Perfusion processes in mammalian cell cultivations are currently experiencing a renaissance, and are making their way into modern single-use bioreactor systems. In this article, the authors review the common challenges and main applications for perfusion processes. The authors present experimental evidence for reaching extreme cell densities of 150 ×106 cells/mL in an easy to use, high-performance, single- use bioreactor that provides an efficient way to generate cell mass for cell banking or seed trains, as well as production of considerable amounts of monoclonal antibodies (mAbs), even from cell lines with mediocre expression levels.
Recently, there has been renewed interest in perfusion processes. In perfusion culture, fresh medium is continuously fed to the culture while the cells are retained in the bioreactor, and metabolic waste products are removed. Depending on the chosen cell retention device, the large molecular product can either be retained in the bioreactor (concentrated fed-batch) or removed from the culture (perfusion). The latter production mode is typically used when the recombinant protein is prone to degradation, toxic, or inhibitory to the cells. In perfusion processes, cell densities are typically 5– to 10–fold higher than in batch or fed-batch processes. Process optimization of perfusion processes is intended to maintain cell-specific productivity by optimizing the composition of the perfused medium and/or applying a certain cell bleed stream to control cell density and growth rate. It is then possible to achieve 5 to 10 times higher total amount of product compared with batch and fed-batch (3). An economic comparison of the different process modes has recently been published (4). Due to significantly increased productivity, a number of companies have identified concentrated fed-batch and perfusion as tools to reduce production scale and ultimately make commercial production amenable to single use bioreactors. This growing interest in continuous perfusion is further fueled by the increased number of recombinant therapeutic proteins in the development pipeline.
Several cell-retention devices have been developed during the past 20 years. Today, there are a handful of systems that have proven suitable for suspension cell culture at process scale: continuous centrifugation, inclined settlers, hydrocyclones, and alternating tangential filtration (3, 4).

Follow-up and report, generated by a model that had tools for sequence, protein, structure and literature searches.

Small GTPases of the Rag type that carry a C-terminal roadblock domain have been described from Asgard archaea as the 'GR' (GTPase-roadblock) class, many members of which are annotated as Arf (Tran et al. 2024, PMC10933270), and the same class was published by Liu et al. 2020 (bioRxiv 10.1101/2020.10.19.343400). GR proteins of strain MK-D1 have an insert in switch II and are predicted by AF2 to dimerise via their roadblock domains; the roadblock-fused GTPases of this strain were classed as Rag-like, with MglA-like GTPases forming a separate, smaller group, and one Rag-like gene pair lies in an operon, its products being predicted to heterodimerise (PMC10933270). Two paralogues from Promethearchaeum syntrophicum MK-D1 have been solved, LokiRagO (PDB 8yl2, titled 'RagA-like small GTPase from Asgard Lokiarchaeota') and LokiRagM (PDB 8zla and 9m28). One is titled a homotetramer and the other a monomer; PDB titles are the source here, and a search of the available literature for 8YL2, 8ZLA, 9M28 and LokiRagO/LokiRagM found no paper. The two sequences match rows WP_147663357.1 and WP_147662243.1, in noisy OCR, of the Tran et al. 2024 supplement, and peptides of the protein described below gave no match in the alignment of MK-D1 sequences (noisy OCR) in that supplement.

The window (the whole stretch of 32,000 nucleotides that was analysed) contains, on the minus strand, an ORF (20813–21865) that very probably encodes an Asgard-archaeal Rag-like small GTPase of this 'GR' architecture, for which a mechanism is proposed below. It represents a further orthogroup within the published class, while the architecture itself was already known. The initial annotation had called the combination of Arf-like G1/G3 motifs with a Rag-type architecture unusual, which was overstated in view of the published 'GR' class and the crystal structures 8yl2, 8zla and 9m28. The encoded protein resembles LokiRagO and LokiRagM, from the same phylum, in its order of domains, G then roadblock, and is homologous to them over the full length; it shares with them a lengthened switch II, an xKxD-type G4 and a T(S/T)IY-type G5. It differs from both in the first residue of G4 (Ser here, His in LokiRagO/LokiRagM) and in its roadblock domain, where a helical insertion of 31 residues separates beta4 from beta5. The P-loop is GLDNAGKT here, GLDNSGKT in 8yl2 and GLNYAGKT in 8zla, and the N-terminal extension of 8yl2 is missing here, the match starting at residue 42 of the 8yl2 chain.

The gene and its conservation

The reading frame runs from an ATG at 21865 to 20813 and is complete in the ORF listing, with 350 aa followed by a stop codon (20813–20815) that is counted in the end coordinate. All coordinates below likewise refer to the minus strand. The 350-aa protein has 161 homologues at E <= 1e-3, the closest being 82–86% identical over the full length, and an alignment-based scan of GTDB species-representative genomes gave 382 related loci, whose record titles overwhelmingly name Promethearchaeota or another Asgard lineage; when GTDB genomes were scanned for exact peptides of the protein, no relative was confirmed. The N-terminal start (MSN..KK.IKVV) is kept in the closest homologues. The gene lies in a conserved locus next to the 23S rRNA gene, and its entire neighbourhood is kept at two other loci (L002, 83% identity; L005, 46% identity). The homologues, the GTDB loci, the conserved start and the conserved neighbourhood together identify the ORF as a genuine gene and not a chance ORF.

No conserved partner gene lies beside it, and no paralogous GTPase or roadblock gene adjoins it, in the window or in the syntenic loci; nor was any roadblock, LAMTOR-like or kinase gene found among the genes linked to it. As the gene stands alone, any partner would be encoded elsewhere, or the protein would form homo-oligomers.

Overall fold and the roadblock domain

In addition to improved yields in protein production, high cell-density culture also offers advantages for seed production by reducing the bioreactor scale and number of steps necessary to generate the seed for the final production bioreactor. A 10–fold increase in cell density reduces the required inoculum volume by the same factor. To increase flexibility and reduce the time from thawing a cell bank vial to inoculation of the production bioreactor, studies have been performed examining the use of large volume, cryopreserved cultures in cryobags, where the concentrated seed culture has been produced using a perfusion process in order to replace shake flask technology (5, 6). This approach not only reduces the number of bioreactors and steps involved, but also the necessary footprint for seed bioreactors, and investment in equipment.
CHALLENGES WITH CONVENTIONAL CELL-RETENTION SYSTEMS
Perfusion often requires expensive investment in cell-retention equipment, certain infrastructure, and personnel with specialised skills. Therefore, it has not been widely adopted for the production of proteins that are used for research purposes, such as target proteins or therapeutic lead proteins used in early preclinical research. At the same time, early protein supply is often characterised by low expression rates of the cell lines used and the need to produce many different proteins in a given period of time to fuel the development pipeline. We have therefore developed a novel, easy to use, benchtop perfusion bioreactor that is based on rocking motion agitation (BIOSTAT CultiBag RM 20 perfusion, Sartorius Stedim Biotech). In this study, we present data on the high cell-density culture of a mAb-producing Per.C6 model cell line.